BackgroundIt is not known whether determinants of ventilation (VE)/volume of exhaled carbon dioxide (VCO2) slope during incremental exercise may differ at different stages of reduced ejection fraction chronic heart failure natural history.Methods and ResultsVE/VCO2 slope was fitted up to lowest VE/VCO2 ratio, that is, a proxy of the VE/perfusion ratio devoid of nonmetabolic stimuli to ventilatory drive. VE/VCO2 slope tertiles were generated from our database (<27.5 [tertile 1], ≥27.5 to <32.0 [tertile 2], and ≥32.0 [tertile 3]), and 147 chronic heart failure patients with repeated tests yielding VE/VCO2 slopes in 2 different tertiles were selected. Determinants of VE/VCO2 slope changes across tertile pairs 1 versus 2, 2 versus 3, and 1 versus 3 were assessed by exploring changes in VE and VCO2 at lowest VE/VCO2 and those in VE/work rate (W) and VCO2/W slope. Resting and peak cardiac output (CO) were calculated as VO2/estimated arteriovenous O2 difference and the CO/W slope analyzed. Notwithstanding a progressively lower W with increasing tertile, VE at lowest VE/VCO2 and VE/W slope were significantly higher in tertiles 2 and 3 versus tertile 1. Conversely, VCO2 at lowest VE/VCO2 and CO/W slope significantly decreased across tertiles, whereas VCO2/W slope did not. Difference (Δ) in VE/W slope between tertiles accounted for 71% of ΔVE/VCO2 slope variance, with ΔVCO2/W slope explaining an additional 26% (model r=0.99; r2=0.97; P<0.0001). Similar results were obtained substituting ΔVCO2/W slope with ΔCO/W slope.ConclusionsVentilatory overactivation is the predominant cause of VE/VCO2 slope increase at initial stages of chronic heart failure, whereas hemodynamic impairment plays an additional role at more‐advanced pathophysiological stages.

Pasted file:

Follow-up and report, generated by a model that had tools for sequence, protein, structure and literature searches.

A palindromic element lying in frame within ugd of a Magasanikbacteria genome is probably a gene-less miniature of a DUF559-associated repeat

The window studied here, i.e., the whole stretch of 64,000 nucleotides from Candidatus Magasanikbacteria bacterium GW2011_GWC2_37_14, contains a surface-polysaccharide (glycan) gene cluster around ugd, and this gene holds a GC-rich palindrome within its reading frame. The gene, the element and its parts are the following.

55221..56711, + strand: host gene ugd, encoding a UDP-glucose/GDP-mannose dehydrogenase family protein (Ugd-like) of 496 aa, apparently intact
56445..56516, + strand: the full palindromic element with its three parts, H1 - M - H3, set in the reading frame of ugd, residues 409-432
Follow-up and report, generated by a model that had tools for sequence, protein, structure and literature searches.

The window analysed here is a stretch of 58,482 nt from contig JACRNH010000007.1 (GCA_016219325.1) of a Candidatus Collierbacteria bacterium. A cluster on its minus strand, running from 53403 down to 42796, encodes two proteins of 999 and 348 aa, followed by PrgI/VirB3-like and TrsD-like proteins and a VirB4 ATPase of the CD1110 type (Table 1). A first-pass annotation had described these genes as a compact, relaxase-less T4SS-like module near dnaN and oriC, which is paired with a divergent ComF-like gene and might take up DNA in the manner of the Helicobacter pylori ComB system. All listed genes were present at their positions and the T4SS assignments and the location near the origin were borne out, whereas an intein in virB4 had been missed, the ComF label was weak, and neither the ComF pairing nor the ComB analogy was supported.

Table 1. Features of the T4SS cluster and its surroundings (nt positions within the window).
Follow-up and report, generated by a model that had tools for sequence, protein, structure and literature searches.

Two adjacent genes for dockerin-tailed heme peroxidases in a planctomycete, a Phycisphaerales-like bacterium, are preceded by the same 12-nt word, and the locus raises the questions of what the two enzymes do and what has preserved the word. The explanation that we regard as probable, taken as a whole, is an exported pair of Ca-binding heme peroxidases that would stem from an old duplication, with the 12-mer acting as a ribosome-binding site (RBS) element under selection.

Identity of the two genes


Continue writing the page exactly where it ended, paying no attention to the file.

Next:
BackgroundIt is not known whether determinants of ventilation (VE)/volume of exhaled carbon dioxide (VCO2) slope during incremental exercise may differ at different stages of reduced ejection fraction chronic heart failure natural history.Methods and ResultsVE/VCO2 slope was fitted up to lowest VE/VCO2 ratio, that is, a proxy of the VE/perfusion ratio devoid of nonmetabolic stimuli to ventilatory drive. VE/VCO2 slope tertiles were generated from our database (<27.5 [tertile 1], ≥27.5 to <32.0 [tertile 2], and ≥32.0 [tertile 3]), and 147 chronic heart failure patients with repeated tests yielding VE/VCO2 slopes in 2 different tertiles were selected. Determinants of VE/VCO2 slope changes across tertile pairs 1 versus 2, 2 versus 3, and 1 versus 3 were assessed by exploring changes in VE and VCO2 at lowest VE/VCO2 and those in VE/work rate (W) and VCO2/W slope. Resting and peak cardiac output (CO) were calculated as VO2/estimated arteriovenous O2 difference and the CO/W slope analyzed. Notwithstanding a progressively lower W with increasing tertile, VE at lowest VE/VCO2 and VE/W slope were significantly higher in tertiles 2 and 3 versus tertile 1. Conversely, VCO2 at lowest VE/VCO2 and CO/W slope significantly decreased across tertiles, whereas VCO2/W slope did not. Difference (Δ) in VE/W slope between tertiles accounted for 71% of ΔVE/VCO2 slope variance, with ΔVCO2/W slope explaining an additional 26% (model r=0.99; r2=0.97; P<0.0001). Similar results were obtained substituting ΔVCO2/W slope with ΔCO/W slope.ConclusionsVentilatory overactivation is the predominant cause of VE/VCO2 slope increase at initial stages of chronic heart failure, whereas hemodynamic impairment plays an additional role at more‐advanced pathophysiological stages.